I think they're probably one of my favourite sets of hills so far - good variety of hill, views and terrain and all within a (relatively) small area. You definitely got them at their best - cheers :)
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Re: Loch Carron Easter

Postby NevJB » Tue Apr 22, 2014 5:29 pm

Thanks for that WM - great report and stunning pics. Couldn't have been more timely as I'm heading there this coming weekend for our annual sojourn to the NW Highlands. Tried to do the W Monar hills last year but got blown off the hillside. Hoping for better weather next week - there appears to be relatively little snow; is there any problem with snow/ice coming off Sgurr a Chaorachain before ascending Carn nam Fiacian?
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Re: Loch Carron Easter

Postby weaselmaster » Tue Apr 22, 2014 6:10 pm

NevJB wrote:Thanks for that WM - great report and stunning pics. Couldn't have been more timely as I'm heading there this coming weekend for our annual sojourn to the NW Highlands. Tried to do the W Monar hills last year but got blown off the hillside. Hoping for better weather next week - there appears to be relatively little snow; is there any problem with snow/ice coming off Sgurr a Chaorachain before ascending Carn nam Fiacian?


No, no problems with the snow there at all - just a patch going down the shoulder that you can easily avoid and it'll probably be much diminished by next weekend anyway. Enjoy the hills!
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Re: Loch Carron Easter

Postby trekker53 » Tue Apr 22, 2014 7:16 pm

Very busy weekend there Alistair.

Myself and Ali607 noticed what turned out to be your tent as we walked in late Sunday night. The bothy was empty.
Taking a lazy rest in the morning we heard footsteps and somebody looked in, (not yourselves) however the next steps I heard I looked round and just got a fleeting glimpse of Alison smiling and waving at the window. What a small world. No doubt you read the bothy report.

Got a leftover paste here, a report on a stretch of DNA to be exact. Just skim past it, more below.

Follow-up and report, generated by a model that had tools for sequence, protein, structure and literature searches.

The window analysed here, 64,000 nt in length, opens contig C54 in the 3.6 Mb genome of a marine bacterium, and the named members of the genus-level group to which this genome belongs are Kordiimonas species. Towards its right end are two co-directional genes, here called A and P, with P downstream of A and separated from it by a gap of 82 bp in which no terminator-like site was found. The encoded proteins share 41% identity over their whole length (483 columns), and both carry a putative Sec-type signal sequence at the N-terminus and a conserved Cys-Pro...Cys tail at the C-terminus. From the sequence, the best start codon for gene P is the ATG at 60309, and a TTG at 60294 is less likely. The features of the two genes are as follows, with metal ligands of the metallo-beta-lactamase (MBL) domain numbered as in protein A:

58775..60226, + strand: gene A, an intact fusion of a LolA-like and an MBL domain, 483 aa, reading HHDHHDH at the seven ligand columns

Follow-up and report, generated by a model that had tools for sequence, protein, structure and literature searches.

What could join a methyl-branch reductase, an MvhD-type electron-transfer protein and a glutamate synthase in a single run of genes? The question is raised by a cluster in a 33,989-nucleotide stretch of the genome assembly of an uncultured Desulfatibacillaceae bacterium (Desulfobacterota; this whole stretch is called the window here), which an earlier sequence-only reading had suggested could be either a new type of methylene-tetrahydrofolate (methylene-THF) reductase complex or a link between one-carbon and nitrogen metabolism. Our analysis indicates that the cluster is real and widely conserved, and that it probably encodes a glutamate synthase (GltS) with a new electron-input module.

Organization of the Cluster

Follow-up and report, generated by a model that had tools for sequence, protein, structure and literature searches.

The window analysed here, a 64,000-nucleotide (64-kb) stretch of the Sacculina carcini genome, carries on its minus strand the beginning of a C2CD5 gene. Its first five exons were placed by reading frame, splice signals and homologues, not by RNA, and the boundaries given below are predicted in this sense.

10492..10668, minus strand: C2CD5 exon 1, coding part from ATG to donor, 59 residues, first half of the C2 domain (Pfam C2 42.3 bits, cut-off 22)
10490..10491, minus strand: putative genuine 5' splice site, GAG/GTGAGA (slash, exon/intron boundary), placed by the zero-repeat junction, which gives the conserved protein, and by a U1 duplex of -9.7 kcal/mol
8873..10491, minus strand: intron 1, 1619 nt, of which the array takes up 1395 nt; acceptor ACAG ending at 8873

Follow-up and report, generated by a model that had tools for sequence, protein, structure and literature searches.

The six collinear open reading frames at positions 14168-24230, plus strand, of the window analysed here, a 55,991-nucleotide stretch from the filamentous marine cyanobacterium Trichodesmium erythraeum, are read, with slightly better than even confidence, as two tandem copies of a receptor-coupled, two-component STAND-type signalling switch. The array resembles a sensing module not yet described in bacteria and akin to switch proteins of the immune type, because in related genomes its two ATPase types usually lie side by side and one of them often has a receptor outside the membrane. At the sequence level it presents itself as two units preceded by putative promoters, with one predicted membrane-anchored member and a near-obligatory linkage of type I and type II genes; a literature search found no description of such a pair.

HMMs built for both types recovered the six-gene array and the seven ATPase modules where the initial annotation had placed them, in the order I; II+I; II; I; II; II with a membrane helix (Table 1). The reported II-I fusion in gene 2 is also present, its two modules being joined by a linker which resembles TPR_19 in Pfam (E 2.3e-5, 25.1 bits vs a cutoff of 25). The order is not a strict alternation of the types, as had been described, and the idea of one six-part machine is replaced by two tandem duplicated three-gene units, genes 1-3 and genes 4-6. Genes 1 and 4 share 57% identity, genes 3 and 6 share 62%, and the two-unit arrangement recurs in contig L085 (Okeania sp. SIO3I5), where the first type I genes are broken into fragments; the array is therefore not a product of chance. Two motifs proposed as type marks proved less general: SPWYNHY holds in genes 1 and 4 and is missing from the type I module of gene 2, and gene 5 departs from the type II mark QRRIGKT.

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Re: Loch Carron Easter

Postby PeteR » Tue Apr 22, 2014 7:38 pm

There wasn't sufficient warning for those legs :shock: :lol: :lol: :lol:

Another superb, epic round for the both of you. I get knackered though just reading your reports :lol: Weather permitting the 2 Munro, 2 Corbett combo from Craig are on my radar for the May Day weekend :D
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Re: Loch Carron Easter

Postby The Rodmiester » Tue Apr 22, 2014 7:52 pm

There is no stopping you guys!, great effort :clap: :clap: Great report and piccies as usual, made the most of the bumper weather window that's for sure. I got tired just reading it all! :lol: :lol:
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Re: Loch Carron Easter

Postby ceaser » Tue Apr 22, 2014 8:17 pm

Excellent report and pictures Al ,been looking forward to this one , cant wait to get up there now after seeing this :D
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Re: Loch Carron Easter

Postby Huff_n_Puff » Tue Apr 22, 2014 9:01 pm

Another epic trip and brilliant report :clap: :clap: It's good to see how life is lived in the fast lane :lol: but whatever the speed Easter weekend was just wonderful.
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Re: Loch Carron Easter

Postby Fife Flyer » Tue Apr 22, 2014 9:15 pm

Fantastic report with some stunning photo's :clap:

Lots of well earned blue balloons, you must be on good terms with the weather gods :lol: :lol:
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Re: Loch Carron Easter

Postby scottishkennyg » Tue Apr 22, 2014 9:54 pm

grand trek there Al and SK with some nice pictures..I've been struggling to copy the links from flckr to open photos in reports now, you experiencing any problems?
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Re: Loch Carron Easter

Postby weaselmaster » Tue Apr 22, 2014 10:58 pm

scottishkennyg wrote:grand trek there Al and SK with some nice pictures..I've been struggling to copy the links from flckr to open photos in reports now, you experiencing any problems?


they have changed how you do it - go to the "share" icon (box with the arrow pointing NE) and click on that, then click on BBCode and copy/paste the full text in the box that comes up, can be tricky to get it all. Bit of a nuisance and more effort than previously :(